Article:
Nature’s bounty: Moose meatballs, bear golumpkis and squirrel stew

Recorder Staff
Published: 3/18/2016 6:02:50 PM

Moose meat makes for surprisingly good tacos. Squirrels go well in stew. Wild turkey meat has no better home than inside a dumpling.

Add a scoop of bear chilli and you have a complete dinner plate served up by a band of cooking and hunting aficionados from Franklin County Technical School.

“It’s like fried chicken, except it’s moose,” said tenth grader Aengus Maloney, dunking strips of raw moose meat into sizzling oil in a frialator. He dunks a second batch in the oil and waits for the country fried moose steaks to get crispy. “The frialator does most of the work, I just throw it in there.”

Earlier that day, Aengus cut up about five squirrels for a stew. He was in the center of the heat and pressure of the Franklin County Technical School’s kitchen one recent Friday night.

The kitchen supplies food to the school's restaurant, The Apprentice, a student- and faculty-run establishment that teaches kids in the culinary arts program the ins and outs of working in the restaurant business.

Like many of his classmates, Aengus spent most of the day preparing game meat for a dinner that fed nearly 300 people in the cafeteria during the school’s 15th annual Wild Harvest Dinner.

By his estimate, Aengus fried about 20 to 30 pounds of moose meat. Some 100 pounds more of moose meat went into other dishes prepared by the students, including moose stew and moose meatballs. Bear golumpkis and pulled pork enchiladas also appeared on the menu, which was hosted by members of the school’s Fins Feathers and Fur club, a hunting and fishing group.

The night brought out those looking for an interesting culinary experience, as well as game hunters looking for their next delicious slab of venison after the peak of hunting season. The sold-out event packed the school cafeteria.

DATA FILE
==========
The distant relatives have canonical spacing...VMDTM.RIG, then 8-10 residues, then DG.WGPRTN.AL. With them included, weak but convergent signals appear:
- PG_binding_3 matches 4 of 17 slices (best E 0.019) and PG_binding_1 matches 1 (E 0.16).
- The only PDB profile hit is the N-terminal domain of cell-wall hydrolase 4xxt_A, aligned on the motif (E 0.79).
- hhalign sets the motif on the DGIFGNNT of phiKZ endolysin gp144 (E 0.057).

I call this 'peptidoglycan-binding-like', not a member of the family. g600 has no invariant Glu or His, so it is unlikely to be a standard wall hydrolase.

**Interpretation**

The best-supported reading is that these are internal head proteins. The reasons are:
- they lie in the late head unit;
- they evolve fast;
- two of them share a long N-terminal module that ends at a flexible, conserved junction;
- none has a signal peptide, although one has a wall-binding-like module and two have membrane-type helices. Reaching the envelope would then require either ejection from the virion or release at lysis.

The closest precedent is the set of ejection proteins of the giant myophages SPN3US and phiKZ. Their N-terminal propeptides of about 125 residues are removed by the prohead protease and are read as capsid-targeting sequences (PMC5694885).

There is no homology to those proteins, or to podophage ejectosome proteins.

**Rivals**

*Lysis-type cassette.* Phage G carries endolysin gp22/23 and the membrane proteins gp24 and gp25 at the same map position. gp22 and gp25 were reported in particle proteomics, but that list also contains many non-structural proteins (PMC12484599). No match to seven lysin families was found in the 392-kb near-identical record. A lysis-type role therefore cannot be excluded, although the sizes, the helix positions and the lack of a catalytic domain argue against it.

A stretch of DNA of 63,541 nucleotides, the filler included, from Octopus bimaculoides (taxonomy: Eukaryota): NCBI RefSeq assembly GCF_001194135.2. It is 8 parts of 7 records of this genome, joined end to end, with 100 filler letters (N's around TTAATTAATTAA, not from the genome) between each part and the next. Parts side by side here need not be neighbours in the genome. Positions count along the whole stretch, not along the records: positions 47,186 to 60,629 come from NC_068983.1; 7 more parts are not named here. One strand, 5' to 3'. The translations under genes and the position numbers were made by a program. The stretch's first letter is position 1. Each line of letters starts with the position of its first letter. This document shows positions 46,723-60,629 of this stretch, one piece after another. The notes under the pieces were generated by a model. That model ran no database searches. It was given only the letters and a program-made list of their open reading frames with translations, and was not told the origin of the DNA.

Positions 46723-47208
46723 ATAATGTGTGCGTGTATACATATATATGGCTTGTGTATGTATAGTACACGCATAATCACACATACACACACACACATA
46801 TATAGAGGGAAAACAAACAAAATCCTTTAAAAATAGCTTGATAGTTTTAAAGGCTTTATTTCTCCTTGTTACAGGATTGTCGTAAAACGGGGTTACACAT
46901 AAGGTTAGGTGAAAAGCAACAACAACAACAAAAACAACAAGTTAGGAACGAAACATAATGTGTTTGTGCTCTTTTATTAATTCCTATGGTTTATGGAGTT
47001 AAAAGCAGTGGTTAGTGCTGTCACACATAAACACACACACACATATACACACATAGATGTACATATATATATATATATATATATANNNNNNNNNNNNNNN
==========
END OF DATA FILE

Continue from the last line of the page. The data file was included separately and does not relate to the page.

The Massachusetts Environmental Police, also known as the game wardens, donated some of the meat.

The bear could have been illegally hunted and confiscated. The moose could have been hit by a car. Many of the squirrels were hunted by the high school students. Private meat donations from area businesses were also accepted.

There was so much meat coming into the kitchen, it was difficult to keep track of it all. The culinary faculty budgeted one to two pounds of meat per person for the game night dinner.

High school students spent the day of the event in grease stained aprons, draped over camouflage t-shirts, rushing around the kitchen with vats of steaming stews and trays of appetizers. They sliced meats into appropriate cuts, stirred brown sauces for the salisbury steaks and frosted a cake with a bullseye design for dessert.

At the tech school, the classroom and kitchen merge. Students learn to clean, cut and preserve meat. They learn safe food handling skills, as well as the skills to function out in the culinary work force.

“It’s so hot in here,” said Shayla Demers, a student from Millers Falls. Her face is red after a day spent in the hustle and bustle of the kitchen. She prepared crab spring rolls for the game dinner, but her dreams for the future involve baking cakes.

She hopes to attend the Culinary Institute of America in New York City one day and open her own bakery. Until then, she will continue to cook in the high school kitchen, where memories are made and friendships forged.

Even alumni come back to the school to work during the annual game dinner. Many of those who aren't still working in the culinary industry miss it, said Chef Benjamin Pike, the culinary arts instructor at the high school. Pike, who is from Greenfield, said he doesn't have any kids of his own, but considers his students his children.

“I can’t say enough about the kids. This is their home. They have a lot of great memories and I’m glad to be a part of those memories,” said Pike, explaining that he is training the sportsmen and women of the next generation. 

When the nearly 40 members of the Fins Feathers and Fur club aren't scurrying around cooking for the game night, they learn how to clean and care for their game and their guns. They fish in the ocean and on ice. “If you teach a kid to fish, they will eat for life,” said Pike.

The school’s Fins Feathers and Fur club puts on the game dinner every year. This year, the event was under the leadership of the club President Gabriel Vorce from Orange. He says his favorite part of the cooking process is cutting the meat. “You get to just focus on it. The world goes away,” Vorce said.

Preparation for the game dinner is a yearlong process. Vorce visited local businesses looking for donations for the event. When the meat first comes in, the students typically gut it, cut it, and freeze it in the school restaurant's walk-in freezer.  

“I think the kids did a great job,” said Shannon Guin. She came to the game dinner from Westfield. The venison salisbury steak was her favorite dish.

As the cleanup process began, students and faculty began thinking about and planning for next year’s game dinner.

You can reach Lisa Spear at: or 413-772-0261, ext. 280.


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